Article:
York County lawyers rate 3 county judge candidates in bar association poll

Liz Evans Scolforo
York Dispatch
2019 York County Bar Association judicial-candidate poll results

Local attorneys have weighed in on the qualifications of three candidates vying to fill one judicial vacancy on the York County Court of Common Pleas.

The York County Bar Association recently conducted a poll of its 486 members regarding the candidates, and 275 of the members — or 57% — responded, according to association CEO Victoria Connor.

Of the 275 attorneys, 49% rated candidate Jonelle Harter Eshbach as "highly qualified," with another 32% rating her "qualified," according to a news release from the bar association.

About 7.25% rated her as "not presently qualified," while about 11.6% had no opinion about Eshbach.

About 2.5% of responding attorneys rated candidate Matt Menges as "highly qualified," while another 20% rated him as "qualified," according to the bar association.

Nearly 58% of the attorneys rated Menges as "not presently qualified," while close to 20% had no opinion about him, the poll states.

Matt Menges is the son of current York County Common Pleas Judge Chris Menges.

Four percent of respondents found Sandra Thompson to be "highly qualified," with another roughly 14.2% rating her as "qualified," according to the poll.

About 66.5% of the attorneys rated Thompson as "not presently qualified," with another 15% having no opinion.

York County attorneys Jonelle Harter Eshbach, Matt Menges and Sandra Thompson (from left to right) are running for one judicial vacancy on the York County Court of Common Pleas.

The York County Bar Association released the results on Wednesday, April 24, according to a news release.

Candidates respond: Eshbach said she was thrilled to know that many of her colleagues rate her skills highly.

"To have the respect and approval of my peers is really humbling and a great honor," she said. "That means more, I think, than any other kind of endorsement."

Eshbach said she's also proud of her endorsement from the Fraternal Order of Police.

Thompson said she doesn't believe the poll is an accurate representation of a candidate's qualifications. It's her third run for judge, and each poll has been negative about her, she said.

She said the Pennsylvania Bar Association has a panel that interviews candidates, reviews their experience, then makes ratings. In York County, individual attorneys weigh in.

"It comes down to who you know and who you have relationships with," Thompson said. "So for me, as a solo practitioner, I see a limited number of attorneys on a routine basis."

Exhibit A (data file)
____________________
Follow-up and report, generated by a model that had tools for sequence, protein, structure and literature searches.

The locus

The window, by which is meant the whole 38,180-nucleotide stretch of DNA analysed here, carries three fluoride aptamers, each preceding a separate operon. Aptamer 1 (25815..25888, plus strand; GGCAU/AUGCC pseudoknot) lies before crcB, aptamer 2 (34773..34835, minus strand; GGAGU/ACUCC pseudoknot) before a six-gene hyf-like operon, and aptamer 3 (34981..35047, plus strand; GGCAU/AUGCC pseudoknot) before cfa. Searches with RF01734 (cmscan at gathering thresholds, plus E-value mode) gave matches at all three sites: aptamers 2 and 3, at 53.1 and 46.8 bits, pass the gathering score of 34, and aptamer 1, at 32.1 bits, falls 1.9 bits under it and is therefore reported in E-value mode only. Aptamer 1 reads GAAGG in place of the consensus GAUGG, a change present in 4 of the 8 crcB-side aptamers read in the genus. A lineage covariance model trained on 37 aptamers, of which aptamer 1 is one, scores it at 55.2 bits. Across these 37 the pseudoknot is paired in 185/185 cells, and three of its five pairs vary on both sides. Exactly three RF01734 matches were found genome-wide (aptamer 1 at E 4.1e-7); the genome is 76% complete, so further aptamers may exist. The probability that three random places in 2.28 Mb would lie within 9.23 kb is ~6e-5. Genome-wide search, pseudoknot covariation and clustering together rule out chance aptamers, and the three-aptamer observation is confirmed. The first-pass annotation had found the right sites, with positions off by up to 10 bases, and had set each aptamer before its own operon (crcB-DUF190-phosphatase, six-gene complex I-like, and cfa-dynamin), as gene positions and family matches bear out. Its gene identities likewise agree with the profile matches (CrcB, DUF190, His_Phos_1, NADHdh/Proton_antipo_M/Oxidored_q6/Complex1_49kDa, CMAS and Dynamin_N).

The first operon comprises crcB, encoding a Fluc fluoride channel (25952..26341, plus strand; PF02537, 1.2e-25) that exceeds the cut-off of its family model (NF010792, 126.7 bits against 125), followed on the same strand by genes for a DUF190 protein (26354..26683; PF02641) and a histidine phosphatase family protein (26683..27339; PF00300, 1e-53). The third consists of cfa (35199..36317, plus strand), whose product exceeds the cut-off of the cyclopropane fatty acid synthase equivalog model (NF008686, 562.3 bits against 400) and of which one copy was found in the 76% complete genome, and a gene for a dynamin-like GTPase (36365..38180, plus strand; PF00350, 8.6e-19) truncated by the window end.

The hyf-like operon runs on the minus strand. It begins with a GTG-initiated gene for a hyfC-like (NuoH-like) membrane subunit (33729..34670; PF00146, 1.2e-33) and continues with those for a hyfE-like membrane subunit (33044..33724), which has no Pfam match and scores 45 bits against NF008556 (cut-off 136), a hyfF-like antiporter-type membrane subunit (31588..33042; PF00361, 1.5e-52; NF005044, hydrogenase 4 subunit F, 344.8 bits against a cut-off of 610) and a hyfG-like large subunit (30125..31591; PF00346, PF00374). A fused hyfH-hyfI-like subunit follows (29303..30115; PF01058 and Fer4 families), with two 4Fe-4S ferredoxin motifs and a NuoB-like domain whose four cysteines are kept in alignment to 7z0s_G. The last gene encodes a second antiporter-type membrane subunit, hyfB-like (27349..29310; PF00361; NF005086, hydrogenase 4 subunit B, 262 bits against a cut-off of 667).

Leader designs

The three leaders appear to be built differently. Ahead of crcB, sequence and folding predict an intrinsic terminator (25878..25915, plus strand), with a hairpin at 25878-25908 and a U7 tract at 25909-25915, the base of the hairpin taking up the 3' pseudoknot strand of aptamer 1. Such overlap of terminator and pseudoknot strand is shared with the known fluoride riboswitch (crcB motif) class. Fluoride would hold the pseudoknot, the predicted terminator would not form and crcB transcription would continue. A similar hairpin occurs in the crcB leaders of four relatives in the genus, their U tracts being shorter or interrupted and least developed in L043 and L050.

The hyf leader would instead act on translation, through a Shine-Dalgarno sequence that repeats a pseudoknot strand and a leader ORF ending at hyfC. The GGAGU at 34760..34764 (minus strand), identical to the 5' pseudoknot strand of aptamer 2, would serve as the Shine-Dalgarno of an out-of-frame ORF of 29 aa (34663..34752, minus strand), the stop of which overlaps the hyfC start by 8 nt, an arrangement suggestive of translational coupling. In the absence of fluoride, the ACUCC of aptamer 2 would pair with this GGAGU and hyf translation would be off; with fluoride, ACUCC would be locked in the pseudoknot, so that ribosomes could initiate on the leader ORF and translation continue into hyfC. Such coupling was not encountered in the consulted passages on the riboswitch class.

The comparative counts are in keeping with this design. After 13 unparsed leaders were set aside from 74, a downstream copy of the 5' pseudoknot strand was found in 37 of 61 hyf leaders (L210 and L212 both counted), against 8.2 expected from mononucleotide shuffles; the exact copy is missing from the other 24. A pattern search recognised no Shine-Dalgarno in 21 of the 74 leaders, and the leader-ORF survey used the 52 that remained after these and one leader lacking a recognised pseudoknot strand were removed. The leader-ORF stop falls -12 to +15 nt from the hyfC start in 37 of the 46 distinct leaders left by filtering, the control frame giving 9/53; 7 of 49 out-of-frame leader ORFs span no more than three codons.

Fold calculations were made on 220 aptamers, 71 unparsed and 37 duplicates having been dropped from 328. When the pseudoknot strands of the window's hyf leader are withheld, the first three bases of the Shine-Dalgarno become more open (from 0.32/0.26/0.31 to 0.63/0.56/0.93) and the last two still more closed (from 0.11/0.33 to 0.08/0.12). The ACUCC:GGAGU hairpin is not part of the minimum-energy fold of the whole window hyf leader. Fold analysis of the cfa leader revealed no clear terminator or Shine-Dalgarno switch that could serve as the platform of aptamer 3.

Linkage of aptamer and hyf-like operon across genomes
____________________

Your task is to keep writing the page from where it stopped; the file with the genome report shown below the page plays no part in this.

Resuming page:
Roughly 50 attorneys rated Thompson as either qualified or highly qualified, and she said that's about the number of attorneys she works with regularly.

"I've always reached out to the public and ... let my good work speak for me," she said. "That's what I continue to do — to go to as many public forums as a I can and continue ... fighting for my clients to be seen and heard. That rubs some people the wrong way."

Menges could not be reached for comment Thursday.

About the poll: The bar association poll asked local attorneys who are association members to evaluate candidates on their professional qualifications, including competence, judicial temperament and integrity, the release states.

For the purposes of the poll, "competence" includes such qualities as intellectual capacity, judgment, knowledge of the law, experience and years of practice, according to the bar association.

The poll's "temperament" category encompasses qualities such as compassion, decisiveness, open-mindedness, freedom from bias and commitment to justice.

The "integrity" portion of the poll focuses on candidates' character and general reputation in the legal community and the York County community, according to the bar association.

2019 York County Bar Association judicial-candidate poll results

Candidates forum: Eshbach, Menges and Thompson will participate in a candidates forum next week that is free and open to the public and is meant to help inform voters, according to the bar association.

The forum will be held from 6:30 to 9 p.m. Tuesday, April 30, at York College's Wolf Hall, and it will be moderated by Professor G. Terry Madonna, director for the Center for Politics and Public Affairs at Franklin and Marshall College.

Candidates will meet and greet the public between 6:30 and 7 p.m., at which point the question-and-answer period begins.

The York County Bar Association has been conducting the judicial poll for many years as a public service, according to the release.

— Reach Liz Evans Scolforo at levans@yorkdispatch.com or on Twitter at @LizScolforoYD.